Blockchain technology is becoming increasingly important and has the potential to change and replace traditional business practices and entire industries. To date, the blockchain has mainly been associated with cryptocurrencies like Bitcoin, but numerous other potential applications have long since emerged.
At the core of blockchain is the virtual generation of certificates, state registries and public authentications, and thus it is clear that potential applications go far beyond mere monetary transactions. Blockchain can be employed in any situation in which goods of monetary value are exchanged and the parties involved desire a guarantee of both payment and delivery of the agreed services.
The idea behind blockchain and one source of its appeal lies in guaranteeing the veracity of the information contained within it by creating numerous public copies within the online community. At the same time, numerous cost factors can be circumvented, because it removes the need for clearing stations and central trusted institutions such as notaries, public authorities and banks.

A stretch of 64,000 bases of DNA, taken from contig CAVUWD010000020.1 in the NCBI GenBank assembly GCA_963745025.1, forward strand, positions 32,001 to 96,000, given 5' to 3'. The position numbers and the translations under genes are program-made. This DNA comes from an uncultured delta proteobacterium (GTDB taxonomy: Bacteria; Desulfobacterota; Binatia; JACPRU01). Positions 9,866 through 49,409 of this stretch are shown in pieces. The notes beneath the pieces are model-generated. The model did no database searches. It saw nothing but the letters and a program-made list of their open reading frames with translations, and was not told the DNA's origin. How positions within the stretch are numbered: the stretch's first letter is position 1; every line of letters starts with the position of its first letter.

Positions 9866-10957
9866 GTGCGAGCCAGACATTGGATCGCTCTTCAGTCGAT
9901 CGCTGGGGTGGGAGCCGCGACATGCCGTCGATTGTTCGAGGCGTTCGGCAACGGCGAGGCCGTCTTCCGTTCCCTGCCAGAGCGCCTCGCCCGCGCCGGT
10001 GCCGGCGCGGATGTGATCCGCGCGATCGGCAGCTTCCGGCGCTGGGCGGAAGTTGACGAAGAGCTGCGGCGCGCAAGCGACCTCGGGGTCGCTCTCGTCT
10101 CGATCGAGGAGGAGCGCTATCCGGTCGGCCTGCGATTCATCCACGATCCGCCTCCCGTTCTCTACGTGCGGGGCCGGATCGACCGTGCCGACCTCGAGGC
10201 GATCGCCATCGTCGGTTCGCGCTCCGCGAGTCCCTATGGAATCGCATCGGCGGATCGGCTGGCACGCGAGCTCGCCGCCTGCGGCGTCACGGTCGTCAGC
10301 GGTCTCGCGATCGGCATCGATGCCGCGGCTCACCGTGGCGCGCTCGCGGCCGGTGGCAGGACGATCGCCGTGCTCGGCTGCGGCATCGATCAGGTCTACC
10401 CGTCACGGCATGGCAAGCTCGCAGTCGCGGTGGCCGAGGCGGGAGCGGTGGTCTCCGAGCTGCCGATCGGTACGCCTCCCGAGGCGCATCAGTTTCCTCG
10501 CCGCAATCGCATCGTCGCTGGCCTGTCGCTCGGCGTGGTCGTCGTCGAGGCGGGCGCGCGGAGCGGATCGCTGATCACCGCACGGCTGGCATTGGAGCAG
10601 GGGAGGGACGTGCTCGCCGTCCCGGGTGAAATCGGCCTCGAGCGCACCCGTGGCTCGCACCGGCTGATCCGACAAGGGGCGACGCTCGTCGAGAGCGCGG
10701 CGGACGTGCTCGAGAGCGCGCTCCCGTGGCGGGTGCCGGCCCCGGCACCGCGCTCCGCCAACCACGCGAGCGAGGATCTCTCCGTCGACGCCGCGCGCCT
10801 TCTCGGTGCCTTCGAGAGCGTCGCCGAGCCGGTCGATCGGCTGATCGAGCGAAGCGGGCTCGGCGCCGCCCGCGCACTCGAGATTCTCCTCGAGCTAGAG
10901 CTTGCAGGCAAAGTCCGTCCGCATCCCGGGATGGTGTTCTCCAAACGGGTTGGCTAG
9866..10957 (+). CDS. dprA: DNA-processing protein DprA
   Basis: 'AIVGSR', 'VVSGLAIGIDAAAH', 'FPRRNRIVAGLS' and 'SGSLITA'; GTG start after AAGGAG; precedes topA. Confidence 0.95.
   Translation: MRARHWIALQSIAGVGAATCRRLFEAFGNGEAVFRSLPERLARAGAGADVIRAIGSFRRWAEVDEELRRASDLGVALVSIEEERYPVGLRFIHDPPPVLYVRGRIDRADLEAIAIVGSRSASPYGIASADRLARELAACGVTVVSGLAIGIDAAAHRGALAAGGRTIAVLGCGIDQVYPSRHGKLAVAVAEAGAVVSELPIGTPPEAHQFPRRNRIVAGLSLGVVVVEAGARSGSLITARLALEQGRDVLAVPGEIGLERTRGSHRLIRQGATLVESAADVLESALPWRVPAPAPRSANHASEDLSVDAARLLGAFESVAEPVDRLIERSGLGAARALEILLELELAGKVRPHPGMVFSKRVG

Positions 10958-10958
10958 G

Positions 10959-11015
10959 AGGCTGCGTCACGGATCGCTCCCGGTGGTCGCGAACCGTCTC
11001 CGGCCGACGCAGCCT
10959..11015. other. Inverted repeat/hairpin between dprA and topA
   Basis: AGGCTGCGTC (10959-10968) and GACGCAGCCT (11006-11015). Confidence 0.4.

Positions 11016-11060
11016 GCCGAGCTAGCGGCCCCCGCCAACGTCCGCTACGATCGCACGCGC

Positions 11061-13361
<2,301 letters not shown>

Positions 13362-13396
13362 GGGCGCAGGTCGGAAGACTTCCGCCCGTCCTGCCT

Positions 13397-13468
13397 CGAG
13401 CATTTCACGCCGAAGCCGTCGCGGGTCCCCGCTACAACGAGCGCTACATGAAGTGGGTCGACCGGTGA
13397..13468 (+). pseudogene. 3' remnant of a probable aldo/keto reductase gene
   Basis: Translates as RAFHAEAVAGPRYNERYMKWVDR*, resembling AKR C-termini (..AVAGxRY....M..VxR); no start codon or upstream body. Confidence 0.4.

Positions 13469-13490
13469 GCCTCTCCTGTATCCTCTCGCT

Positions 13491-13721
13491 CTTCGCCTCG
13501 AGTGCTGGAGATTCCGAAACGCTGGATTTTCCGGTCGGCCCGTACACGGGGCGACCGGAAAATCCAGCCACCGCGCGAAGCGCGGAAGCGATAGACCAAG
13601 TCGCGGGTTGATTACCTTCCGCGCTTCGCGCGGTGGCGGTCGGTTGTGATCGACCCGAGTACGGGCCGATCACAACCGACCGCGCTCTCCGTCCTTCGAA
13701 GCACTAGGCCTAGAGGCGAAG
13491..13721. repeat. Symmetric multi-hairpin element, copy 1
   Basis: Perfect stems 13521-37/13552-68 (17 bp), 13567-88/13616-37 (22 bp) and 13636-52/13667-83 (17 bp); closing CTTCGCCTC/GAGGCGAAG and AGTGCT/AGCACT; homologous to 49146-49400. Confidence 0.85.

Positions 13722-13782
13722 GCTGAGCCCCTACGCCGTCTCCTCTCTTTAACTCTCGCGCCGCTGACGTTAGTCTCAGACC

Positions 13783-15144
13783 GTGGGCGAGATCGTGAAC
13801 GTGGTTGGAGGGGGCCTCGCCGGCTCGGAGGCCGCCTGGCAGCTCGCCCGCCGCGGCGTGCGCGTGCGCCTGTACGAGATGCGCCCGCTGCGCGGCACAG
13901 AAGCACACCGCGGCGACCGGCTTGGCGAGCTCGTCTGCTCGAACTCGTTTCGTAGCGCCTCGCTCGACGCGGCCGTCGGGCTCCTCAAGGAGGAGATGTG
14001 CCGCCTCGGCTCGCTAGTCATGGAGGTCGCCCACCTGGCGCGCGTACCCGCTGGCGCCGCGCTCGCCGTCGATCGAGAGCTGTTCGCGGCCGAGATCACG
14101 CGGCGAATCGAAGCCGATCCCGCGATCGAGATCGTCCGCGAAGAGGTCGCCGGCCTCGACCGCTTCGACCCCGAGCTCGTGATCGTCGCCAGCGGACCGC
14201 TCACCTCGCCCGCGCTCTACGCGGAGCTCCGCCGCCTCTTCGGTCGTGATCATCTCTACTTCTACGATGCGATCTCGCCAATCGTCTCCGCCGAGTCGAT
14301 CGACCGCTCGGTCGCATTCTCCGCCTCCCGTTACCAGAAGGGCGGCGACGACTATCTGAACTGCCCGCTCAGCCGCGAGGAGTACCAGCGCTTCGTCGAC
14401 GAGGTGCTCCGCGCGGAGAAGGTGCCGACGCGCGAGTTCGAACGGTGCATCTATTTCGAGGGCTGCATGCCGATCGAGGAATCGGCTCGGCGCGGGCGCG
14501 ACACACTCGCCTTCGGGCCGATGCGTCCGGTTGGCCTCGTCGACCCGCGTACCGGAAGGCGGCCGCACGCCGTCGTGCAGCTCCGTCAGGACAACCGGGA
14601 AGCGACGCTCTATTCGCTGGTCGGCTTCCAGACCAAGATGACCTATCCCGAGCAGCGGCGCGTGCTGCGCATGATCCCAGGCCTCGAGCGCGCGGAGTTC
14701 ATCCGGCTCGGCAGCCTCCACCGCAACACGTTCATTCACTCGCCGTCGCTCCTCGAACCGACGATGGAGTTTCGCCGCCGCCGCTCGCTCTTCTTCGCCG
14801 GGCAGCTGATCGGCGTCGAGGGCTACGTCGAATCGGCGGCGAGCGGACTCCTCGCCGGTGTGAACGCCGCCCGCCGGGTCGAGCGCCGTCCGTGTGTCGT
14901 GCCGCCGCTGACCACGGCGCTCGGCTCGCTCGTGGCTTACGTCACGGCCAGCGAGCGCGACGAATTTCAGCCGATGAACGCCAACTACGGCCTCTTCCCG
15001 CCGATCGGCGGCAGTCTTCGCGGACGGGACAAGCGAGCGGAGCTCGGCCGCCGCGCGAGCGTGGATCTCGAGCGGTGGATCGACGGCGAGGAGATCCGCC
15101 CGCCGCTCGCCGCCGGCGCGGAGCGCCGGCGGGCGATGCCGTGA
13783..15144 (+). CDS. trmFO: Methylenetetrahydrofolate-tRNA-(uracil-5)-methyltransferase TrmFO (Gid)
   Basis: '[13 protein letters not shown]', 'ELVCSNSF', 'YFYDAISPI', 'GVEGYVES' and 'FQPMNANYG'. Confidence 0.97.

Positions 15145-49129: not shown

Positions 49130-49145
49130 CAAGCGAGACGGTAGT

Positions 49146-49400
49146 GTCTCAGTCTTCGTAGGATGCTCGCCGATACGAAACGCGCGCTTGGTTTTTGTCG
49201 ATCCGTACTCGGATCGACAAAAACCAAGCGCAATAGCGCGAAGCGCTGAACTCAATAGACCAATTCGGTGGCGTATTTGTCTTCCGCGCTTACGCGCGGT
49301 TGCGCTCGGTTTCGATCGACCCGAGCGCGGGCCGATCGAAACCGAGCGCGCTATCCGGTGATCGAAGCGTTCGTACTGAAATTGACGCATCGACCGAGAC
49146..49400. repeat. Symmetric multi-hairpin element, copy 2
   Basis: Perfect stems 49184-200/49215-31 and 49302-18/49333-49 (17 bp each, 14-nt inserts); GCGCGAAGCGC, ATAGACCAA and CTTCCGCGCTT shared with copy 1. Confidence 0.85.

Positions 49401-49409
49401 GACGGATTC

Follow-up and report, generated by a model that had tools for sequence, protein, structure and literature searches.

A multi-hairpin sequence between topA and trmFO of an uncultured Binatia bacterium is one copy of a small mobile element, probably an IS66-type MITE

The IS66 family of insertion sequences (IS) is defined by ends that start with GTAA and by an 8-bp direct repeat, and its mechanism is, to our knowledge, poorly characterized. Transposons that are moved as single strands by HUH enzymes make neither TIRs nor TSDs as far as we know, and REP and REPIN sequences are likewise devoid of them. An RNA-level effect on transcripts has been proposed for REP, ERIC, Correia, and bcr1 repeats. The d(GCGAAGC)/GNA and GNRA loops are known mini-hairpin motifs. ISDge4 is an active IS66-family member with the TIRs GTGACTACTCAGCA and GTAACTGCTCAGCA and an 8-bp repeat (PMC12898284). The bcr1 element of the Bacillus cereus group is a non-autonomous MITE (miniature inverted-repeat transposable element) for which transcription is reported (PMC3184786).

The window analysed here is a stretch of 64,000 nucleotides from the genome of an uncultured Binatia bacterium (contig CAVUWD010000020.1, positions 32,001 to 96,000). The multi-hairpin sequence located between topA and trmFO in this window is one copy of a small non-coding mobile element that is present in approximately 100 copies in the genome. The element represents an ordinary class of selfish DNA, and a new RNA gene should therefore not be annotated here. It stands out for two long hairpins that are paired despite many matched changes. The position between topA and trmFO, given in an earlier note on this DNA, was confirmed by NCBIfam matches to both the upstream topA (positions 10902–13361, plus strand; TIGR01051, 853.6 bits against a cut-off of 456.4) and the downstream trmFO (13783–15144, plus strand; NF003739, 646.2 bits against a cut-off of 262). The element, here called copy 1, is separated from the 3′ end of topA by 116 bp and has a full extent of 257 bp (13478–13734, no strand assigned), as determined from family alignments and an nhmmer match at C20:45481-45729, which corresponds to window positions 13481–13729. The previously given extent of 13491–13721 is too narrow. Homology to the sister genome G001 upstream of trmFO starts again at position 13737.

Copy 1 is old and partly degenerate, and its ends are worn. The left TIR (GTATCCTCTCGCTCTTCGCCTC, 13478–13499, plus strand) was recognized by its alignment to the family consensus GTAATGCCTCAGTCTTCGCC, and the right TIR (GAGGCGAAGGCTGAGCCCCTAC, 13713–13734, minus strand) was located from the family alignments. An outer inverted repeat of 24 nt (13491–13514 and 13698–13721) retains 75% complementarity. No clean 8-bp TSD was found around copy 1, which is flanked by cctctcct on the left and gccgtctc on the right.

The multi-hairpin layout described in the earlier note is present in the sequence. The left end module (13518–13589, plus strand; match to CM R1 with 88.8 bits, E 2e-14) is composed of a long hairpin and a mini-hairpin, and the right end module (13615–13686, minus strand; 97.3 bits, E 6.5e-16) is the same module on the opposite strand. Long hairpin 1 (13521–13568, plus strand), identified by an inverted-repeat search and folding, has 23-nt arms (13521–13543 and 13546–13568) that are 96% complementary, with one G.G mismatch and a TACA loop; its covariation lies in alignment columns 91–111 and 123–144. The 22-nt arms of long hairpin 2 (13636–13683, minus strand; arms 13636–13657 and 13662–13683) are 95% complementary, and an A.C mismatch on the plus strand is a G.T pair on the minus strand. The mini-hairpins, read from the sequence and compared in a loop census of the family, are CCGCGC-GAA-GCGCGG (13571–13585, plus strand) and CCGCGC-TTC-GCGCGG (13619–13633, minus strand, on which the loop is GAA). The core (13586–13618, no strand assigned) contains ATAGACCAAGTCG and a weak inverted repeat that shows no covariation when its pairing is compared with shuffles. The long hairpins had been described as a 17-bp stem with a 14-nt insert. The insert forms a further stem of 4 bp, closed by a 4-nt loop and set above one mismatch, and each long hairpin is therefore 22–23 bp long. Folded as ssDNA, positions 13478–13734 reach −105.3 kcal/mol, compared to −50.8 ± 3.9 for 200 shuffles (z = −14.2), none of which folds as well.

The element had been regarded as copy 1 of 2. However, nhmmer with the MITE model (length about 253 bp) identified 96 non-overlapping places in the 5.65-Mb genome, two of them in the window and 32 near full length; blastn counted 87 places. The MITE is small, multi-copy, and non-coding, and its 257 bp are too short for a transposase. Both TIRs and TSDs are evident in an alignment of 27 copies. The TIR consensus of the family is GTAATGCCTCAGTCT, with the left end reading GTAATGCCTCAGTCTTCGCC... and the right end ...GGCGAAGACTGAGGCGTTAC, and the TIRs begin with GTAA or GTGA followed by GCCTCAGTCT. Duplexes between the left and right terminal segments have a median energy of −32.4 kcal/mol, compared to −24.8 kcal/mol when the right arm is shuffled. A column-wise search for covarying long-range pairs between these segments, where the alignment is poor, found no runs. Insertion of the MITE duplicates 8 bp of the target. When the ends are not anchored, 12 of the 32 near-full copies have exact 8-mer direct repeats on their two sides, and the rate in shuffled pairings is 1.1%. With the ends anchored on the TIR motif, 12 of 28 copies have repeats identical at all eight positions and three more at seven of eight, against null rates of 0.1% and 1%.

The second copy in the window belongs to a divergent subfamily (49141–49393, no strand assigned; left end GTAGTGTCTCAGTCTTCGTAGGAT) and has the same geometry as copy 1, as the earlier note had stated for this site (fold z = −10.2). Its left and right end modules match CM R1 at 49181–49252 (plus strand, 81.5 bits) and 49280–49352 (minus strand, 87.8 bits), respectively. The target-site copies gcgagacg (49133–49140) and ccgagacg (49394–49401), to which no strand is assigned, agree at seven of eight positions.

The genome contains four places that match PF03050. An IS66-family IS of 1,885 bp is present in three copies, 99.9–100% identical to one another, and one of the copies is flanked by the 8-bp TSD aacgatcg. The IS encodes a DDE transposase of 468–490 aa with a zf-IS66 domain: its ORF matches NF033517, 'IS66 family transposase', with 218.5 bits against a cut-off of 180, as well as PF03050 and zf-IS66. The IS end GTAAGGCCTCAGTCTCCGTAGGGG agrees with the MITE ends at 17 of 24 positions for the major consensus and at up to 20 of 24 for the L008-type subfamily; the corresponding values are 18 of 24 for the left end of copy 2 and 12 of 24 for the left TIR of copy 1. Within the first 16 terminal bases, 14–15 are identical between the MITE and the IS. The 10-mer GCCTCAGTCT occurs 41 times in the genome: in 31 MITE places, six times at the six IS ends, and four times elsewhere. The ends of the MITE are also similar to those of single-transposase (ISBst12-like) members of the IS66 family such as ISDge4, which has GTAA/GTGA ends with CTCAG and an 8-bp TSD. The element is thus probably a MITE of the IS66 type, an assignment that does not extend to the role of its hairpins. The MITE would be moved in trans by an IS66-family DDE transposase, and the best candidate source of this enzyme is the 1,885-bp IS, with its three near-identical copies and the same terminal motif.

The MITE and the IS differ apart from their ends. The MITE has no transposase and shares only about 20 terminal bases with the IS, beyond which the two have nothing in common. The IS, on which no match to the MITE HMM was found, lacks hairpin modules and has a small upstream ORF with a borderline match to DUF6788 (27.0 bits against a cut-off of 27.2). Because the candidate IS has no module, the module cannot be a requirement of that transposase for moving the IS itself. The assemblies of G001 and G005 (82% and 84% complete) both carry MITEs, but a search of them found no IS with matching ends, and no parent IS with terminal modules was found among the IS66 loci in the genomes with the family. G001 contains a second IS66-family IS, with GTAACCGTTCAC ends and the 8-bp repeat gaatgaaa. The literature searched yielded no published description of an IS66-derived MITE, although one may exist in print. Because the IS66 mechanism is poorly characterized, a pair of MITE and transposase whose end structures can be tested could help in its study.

The principle underlying blockchain is that all transactions made by all participants in the entire network are validated by mass collaboration and recorded in a continually reconciled database that is maintained across numerous computers.1 The transactions are put into groups called “blocks”, are linked together in the blockchain and cannot be subsequently altered. Transactions are added to a block until it is a full and a new block has to be created. A “hash”, a kind of digital fingerprint, is used to validate the blocks.2 In this way, each member in the network can at any time, anonymously and with absolute certainty, ascertain the current owner of a value.3 This eliminates the need for a centralised middleman to vouch for the trustworthiness of a party and thus reduces transaction costs.
Smart contracts: An important field of application for blockchain the “smart contract”. Smart contracts are not the same as classic contracts in writing, although they might replace them in the future, provided that the appropriate conditions are fulfilled.4 Smart contracts use software to conclude a transaction automatically once all parties have fulfilled the previously established conditions.